immonkeyUyun wrote in to ask:

I taught my students using the free song you gave me.

Amazing, my students were really happy and were enjoying my class.

But the problem is they couldn’t remember all the words when I reviewed it in next meeting. They only remember the -how are you-, to say hungry, tired etc., they thought hard first. Thank you

Hi Uyun,

If they are remembering the “How are you?” that is a great first start, and because questions are more important than statements  then it is actually the most important part of the lesson from the communication side of things.    

So congratulations on getting that part done!

(Ninja Tip: Having kids being able to ask questions, as opposed to just single words,  is one of the things that makes Genki English different from other courses.)

Also from the vocab side of things the questions cover all those small, but important, little words that make up so much of English.

How many words to teach in one lesson?

Now some English courses only do 3 or 4 new vocab words each lesson. And some even split those over several weeks. So when we have 8 answers in each Genki English lesson, that is there to push the kids and give the brightest ones a challenge too.

Not all the kids will remember all the answers, the idea being that they’ll learn the ones they like e.g. especially in things like When is your birthday? very often they’ll only remember their own birth month, which is cool as that’s the most important to them.

And after all if they could remember them all then we wouldn’t need to do reviews at the beginning of each lesson!

So as long as they remember the question plus one or two answers then they will have learnt today’s grammar construction, be able to use the question and then you’ll add in the extra vocab items as you review throughout the year!

Does that make sense?

Be genki,


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I’m not going to tell you how warm it is outside where I am at the moment (hint: 24 degrees :) )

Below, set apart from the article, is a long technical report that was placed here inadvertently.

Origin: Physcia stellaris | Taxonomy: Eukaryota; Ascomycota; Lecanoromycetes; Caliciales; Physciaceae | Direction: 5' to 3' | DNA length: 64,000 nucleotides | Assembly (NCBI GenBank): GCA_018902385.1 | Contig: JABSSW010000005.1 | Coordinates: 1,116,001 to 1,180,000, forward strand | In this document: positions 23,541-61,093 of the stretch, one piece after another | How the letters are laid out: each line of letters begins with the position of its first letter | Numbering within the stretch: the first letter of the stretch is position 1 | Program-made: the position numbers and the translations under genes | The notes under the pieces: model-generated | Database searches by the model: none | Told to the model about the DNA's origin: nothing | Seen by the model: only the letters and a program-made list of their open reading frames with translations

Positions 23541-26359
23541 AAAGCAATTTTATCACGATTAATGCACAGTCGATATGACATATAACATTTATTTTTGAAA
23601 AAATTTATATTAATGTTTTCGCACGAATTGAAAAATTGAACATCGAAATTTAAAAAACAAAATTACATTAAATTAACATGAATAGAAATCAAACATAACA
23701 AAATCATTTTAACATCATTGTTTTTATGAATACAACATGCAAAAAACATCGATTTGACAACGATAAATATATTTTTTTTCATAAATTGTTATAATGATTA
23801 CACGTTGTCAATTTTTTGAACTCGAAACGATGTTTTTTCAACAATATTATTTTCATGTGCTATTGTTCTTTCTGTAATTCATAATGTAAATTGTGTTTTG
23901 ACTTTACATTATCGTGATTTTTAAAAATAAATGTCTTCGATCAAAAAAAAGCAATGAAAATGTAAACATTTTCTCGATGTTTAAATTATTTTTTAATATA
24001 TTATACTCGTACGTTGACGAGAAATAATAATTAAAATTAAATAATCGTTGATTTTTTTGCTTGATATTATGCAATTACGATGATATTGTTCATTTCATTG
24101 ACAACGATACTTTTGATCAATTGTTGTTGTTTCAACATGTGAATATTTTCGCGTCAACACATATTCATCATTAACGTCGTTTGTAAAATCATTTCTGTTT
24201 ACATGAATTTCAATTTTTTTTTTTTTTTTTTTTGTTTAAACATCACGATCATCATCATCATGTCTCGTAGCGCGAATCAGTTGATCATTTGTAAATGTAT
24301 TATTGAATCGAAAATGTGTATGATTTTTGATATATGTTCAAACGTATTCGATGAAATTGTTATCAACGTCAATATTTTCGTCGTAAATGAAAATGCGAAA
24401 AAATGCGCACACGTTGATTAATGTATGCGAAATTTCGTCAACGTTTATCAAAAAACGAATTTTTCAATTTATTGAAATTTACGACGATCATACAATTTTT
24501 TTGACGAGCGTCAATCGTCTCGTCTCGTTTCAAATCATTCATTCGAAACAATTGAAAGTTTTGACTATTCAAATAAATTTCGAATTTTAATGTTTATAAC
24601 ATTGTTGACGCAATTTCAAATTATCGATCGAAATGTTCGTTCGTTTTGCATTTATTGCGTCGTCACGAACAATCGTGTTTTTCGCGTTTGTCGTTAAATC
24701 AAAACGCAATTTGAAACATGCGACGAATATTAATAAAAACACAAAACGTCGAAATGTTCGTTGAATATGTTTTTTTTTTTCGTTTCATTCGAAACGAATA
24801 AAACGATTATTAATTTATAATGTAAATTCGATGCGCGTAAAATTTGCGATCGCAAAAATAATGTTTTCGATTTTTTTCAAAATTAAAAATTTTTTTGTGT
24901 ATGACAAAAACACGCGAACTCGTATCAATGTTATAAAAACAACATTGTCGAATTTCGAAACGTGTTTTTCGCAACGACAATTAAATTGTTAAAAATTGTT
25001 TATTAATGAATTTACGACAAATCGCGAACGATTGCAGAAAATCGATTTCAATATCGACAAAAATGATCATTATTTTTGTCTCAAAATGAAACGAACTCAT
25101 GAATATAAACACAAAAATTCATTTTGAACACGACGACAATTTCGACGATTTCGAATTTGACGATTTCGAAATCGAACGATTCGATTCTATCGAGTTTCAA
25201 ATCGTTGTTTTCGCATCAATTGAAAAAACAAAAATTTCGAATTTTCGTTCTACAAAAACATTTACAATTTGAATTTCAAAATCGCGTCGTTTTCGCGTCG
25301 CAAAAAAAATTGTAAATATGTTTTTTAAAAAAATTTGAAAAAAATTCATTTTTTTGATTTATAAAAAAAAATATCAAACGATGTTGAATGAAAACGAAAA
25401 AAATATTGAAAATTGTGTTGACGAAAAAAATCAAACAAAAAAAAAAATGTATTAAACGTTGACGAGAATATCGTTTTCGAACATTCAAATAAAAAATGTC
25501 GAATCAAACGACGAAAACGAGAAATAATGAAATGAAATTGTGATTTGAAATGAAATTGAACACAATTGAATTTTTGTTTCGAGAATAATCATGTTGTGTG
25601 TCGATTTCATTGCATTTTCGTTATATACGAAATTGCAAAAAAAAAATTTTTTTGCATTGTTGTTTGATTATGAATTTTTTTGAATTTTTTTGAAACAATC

But if it’s a little chilly where you are, here are my top 3 lessons for wintery days:

1.  Winter Sports

No Winter Olympics this year, but ski season is in full flow.

The kids love these sports and the grammar point is “I like ….”

2. Baby Monkey’s Winter Clothes

Baby Monkey

You can’t beat a bit of opera singing to warm you up.

Grammar point is “put on …” / “take off” and check out the fabulous Freezing Monkeys game!

3. Let’s build a snowman

With “Let it go” still in the air I’m really glad I went for “build a snowman” instead of “make a snowman!”

A great way to teach some more body parts and a great “what’s missing?” game.

Or of course you could use complete reverse psycology and teach the Summer Sports & Summer Clothes songs! :)



Be genki and warm wherever you are!


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With the Japanese Yen being so weak at the moment we have the strange situation where it’s cheaper to buy our physical USB Japanese Superpack  for less money than the download Teacher’s Set - even though you get so much more in it!

( The Japanese Superpack is exactly the same as the download Teacher’s Set but is only available in Japan and comes on a physical USB stick with printed worksheets and extra teaching guide DVDs.)

From February we’re going to have to put up the price to make up the difference.

Probably by an extra 10,000 yen.

So if you want a bargain now you can either ask your school to buy it for you (the Japanese order page is here or they can phone us on the number on that page)  or order it yourself in Japan with Cash on Delivery.

It’s crazy having it cheaper than the download Teacher’s Set.

An extra 10,000 yen is quite a bit so if you have any Japanese friends who might be interested in the pack, please do let them know!

P.S.  For those of you in Europe, EU VAT rules changed on January 1st so do add in your VAT number when ordering the Europe Teacher’s Set  to claim the VAT back,  especially if you are in a high rate country such as Hungary!